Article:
July 20, 2007

Review:A Prayer for Owen Meany

A Prayer for Owen Meany
by John Irving
First sentence:

I am doomed to remember a boy with a wrecked voice-not because of his voice, or because he was the smallest person I ever knew, or even because he was the instrument of my mother's death, but because he is the reason I believe in God;
I am a christian because of Owen Meany.

Now if that first couple of sentences don't peak one's interest I don't know what will. John Wheelwright tells the story of his best friend, Owen Meany, who had a tremendous faith that he was an instrument of God. The story moves back and forth from the boys' childhood in the 60s to John's adult life in the 80s, filling in the gaps to that initial statement.

While the first sentence is a great hook, the reader quickly gets bogged down with all the details of Wheelwright's impressions. I sometimes wondered if what he was saying served any purpose in the story. And it felt quite a bit longer than I expected it would. If this wasn't a mass market paperback with teeny tiny letters smooshed together the book could easily be 1000 pages. But I couldn't leave the question of the meaning of Owen's life unanswered. I cried in the first chapter; I've heard that a lot of people cry at the end as well.

I liked the story as far as plot goes. You find yourself rooting for Owen because it's clear he has a huge heart hidden within his tiny body. While I was reading I was bored with all the minute details about every little thing. By the end, though, I realized that pretty much every detail did matter. They all, together, drew a clear picture once the ending was made known.

But ultimately I find I can't like this book too much. I loved Owen and I liked the child version of John but the concept of faith in this book is false. I could not reconcile Owen Meany as the epitome of true faith with how Holy Scripture describes true faith. Since I believe this idea of faith is at the heart of Irving's message I have to take issue with the author's worldview. It's inaccurately based on experience. Why did God bother to give us the Bible and instruct us to live by it if we can have a faith in Him apart from it?

I don't intend to preach a sermon on what true faith is and how one finds it; I only wanted to explain what my issue is with this book. I disagree with the premise behind the book therefore my pleasure in the plot is soured. I know I am in the minority in my low rating but I'm giving my honest opinion.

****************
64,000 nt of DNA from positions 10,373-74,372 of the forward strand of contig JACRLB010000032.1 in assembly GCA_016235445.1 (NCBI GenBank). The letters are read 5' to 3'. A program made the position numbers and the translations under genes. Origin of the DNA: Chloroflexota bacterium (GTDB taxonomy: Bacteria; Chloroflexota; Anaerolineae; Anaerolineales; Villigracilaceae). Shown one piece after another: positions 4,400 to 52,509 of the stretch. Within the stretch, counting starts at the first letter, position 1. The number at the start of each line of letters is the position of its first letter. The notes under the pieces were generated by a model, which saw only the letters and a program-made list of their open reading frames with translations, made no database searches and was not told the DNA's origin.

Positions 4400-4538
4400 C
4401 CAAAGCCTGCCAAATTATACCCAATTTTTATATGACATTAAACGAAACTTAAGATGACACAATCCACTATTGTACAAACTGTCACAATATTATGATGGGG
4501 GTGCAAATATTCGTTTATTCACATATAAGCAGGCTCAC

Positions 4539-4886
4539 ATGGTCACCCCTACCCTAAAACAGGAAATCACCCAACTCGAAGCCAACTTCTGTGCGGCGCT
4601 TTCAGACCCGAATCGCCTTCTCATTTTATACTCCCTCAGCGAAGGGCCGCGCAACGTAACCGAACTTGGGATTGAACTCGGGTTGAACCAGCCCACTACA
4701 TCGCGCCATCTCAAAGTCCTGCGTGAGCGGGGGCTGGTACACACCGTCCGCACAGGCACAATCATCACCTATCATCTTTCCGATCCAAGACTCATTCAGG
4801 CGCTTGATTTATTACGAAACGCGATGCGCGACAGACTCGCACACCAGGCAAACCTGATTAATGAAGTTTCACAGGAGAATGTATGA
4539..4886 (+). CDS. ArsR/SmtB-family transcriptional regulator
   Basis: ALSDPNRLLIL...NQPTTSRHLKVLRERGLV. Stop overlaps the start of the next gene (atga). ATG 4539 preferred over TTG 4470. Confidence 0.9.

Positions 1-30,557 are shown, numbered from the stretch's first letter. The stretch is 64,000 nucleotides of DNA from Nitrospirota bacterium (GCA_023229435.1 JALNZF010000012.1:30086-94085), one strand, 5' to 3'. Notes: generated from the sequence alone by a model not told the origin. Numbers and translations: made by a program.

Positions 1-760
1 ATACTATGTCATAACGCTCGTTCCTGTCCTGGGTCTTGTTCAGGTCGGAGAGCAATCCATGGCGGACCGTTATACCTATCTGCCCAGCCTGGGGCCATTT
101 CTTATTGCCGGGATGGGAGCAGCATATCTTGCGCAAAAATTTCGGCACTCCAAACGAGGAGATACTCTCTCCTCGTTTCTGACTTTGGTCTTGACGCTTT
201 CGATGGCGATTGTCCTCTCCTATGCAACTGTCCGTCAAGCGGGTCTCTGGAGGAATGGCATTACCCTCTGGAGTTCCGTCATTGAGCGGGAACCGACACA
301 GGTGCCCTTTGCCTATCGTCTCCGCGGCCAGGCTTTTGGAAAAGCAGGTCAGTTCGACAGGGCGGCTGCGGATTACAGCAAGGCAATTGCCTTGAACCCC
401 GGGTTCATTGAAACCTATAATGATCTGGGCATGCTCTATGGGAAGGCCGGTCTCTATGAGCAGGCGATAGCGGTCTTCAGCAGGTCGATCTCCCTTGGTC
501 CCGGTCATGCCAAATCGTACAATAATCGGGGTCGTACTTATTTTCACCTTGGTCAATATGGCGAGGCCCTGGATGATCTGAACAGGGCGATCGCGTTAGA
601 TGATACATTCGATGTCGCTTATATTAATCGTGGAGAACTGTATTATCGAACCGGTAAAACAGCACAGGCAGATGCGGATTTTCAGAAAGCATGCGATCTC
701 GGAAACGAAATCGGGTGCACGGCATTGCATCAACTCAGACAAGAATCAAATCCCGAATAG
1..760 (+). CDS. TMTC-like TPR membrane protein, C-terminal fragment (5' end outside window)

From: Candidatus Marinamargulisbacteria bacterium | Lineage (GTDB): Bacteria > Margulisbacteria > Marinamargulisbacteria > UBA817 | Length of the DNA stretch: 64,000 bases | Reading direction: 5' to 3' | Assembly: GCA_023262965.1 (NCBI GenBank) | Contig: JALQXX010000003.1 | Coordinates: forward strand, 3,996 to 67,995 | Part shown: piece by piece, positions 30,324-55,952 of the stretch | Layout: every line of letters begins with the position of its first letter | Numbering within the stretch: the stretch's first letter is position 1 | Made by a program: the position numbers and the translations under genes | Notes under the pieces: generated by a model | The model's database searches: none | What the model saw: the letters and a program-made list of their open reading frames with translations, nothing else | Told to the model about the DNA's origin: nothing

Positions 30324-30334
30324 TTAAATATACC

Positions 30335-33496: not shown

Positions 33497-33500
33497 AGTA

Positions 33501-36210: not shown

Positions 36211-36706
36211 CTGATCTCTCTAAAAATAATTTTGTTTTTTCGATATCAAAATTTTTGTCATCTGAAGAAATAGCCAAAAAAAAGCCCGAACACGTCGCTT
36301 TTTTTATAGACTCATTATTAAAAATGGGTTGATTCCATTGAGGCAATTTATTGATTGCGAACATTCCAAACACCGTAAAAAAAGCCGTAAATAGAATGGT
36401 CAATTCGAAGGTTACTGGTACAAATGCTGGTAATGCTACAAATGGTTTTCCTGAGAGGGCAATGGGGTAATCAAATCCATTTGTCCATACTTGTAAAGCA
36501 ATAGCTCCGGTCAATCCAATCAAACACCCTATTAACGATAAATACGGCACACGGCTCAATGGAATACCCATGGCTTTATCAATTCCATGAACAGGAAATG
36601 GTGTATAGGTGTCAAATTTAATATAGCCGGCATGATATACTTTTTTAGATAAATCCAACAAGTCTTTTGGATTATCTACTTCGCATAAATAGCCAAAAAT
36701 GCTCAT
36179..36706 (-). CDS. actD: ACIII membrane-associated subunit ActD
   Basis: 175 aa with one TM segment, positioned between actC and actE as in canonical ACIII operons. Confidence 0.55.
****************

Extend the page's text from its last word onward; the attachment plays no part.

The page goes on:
Out of curiosity I watched Simon Birch, the movie loosely based on the book. It was cute but not wonderful. I would say I liked it better than the book. And it didn't take nearly as long to get through.


kookiejar said...

Does that mean you believe that people who can't read, or those without direct exposure to the Bible (for instance those who live in third world countries) can't have faith in the God of Abraham?

I'm just curious.

It seems to me that it would be unfair for that to be a stipulation for God to set upon mankind, knowing that there will always be some who will not hear the Word through no fault of their own.

Petunia said...

See now Kookiejar, I have tried to make this blog not about religion for just this reason. I want to avoid debates that can become heated. This is a great question and one that deserves a thorough answer. It's just the kind of question that pastors love to answer. If we were visiting in real life I probably would tackle it but this type of forum makes this kind of discussion difficult at best. Suffice it to say that Irving's and my religious views are just too different.

Thorpe said...

The opening line is on Simon Birch (slightly altered of course). I think it stands out clearer when spoken to you like in the film. Many quote in the film I thought were quite powerful thanks to the book.

kookiejar said...

I can accept that, but your review made me very curious. No worries.

Framed said...

I loved this book. I thought it was wonderful how all those small details are so fully explained at the end. I can definitely see how that explanation could lead John to at least more fully fully explore his faith, especially considering the symbolism of what Owen does in that last chapter.

Trish said...

Very interesting review! I just picked this one up a few days ago, but won't get to it for a long long time. I did start reading "Garp", but quit after the first 30 pages (too busy, not a good time!). I also started and stopped reading CiderHouse rules years ago. I'm wondering if I'm meant to ever even finish an Irving book...

Petunia said...

framed-the overwhelming details make the ending that much more rich. I really did like the story. I probably would have loved it with no problems if it was just the story of Owen and John growing from childhood to adulthood. John as an adult ruined it for me I think.

trish-I have the Cidar House Rules and I'm very curious about it. But I have way too many other books to read first. It may be a year or two before I get to it.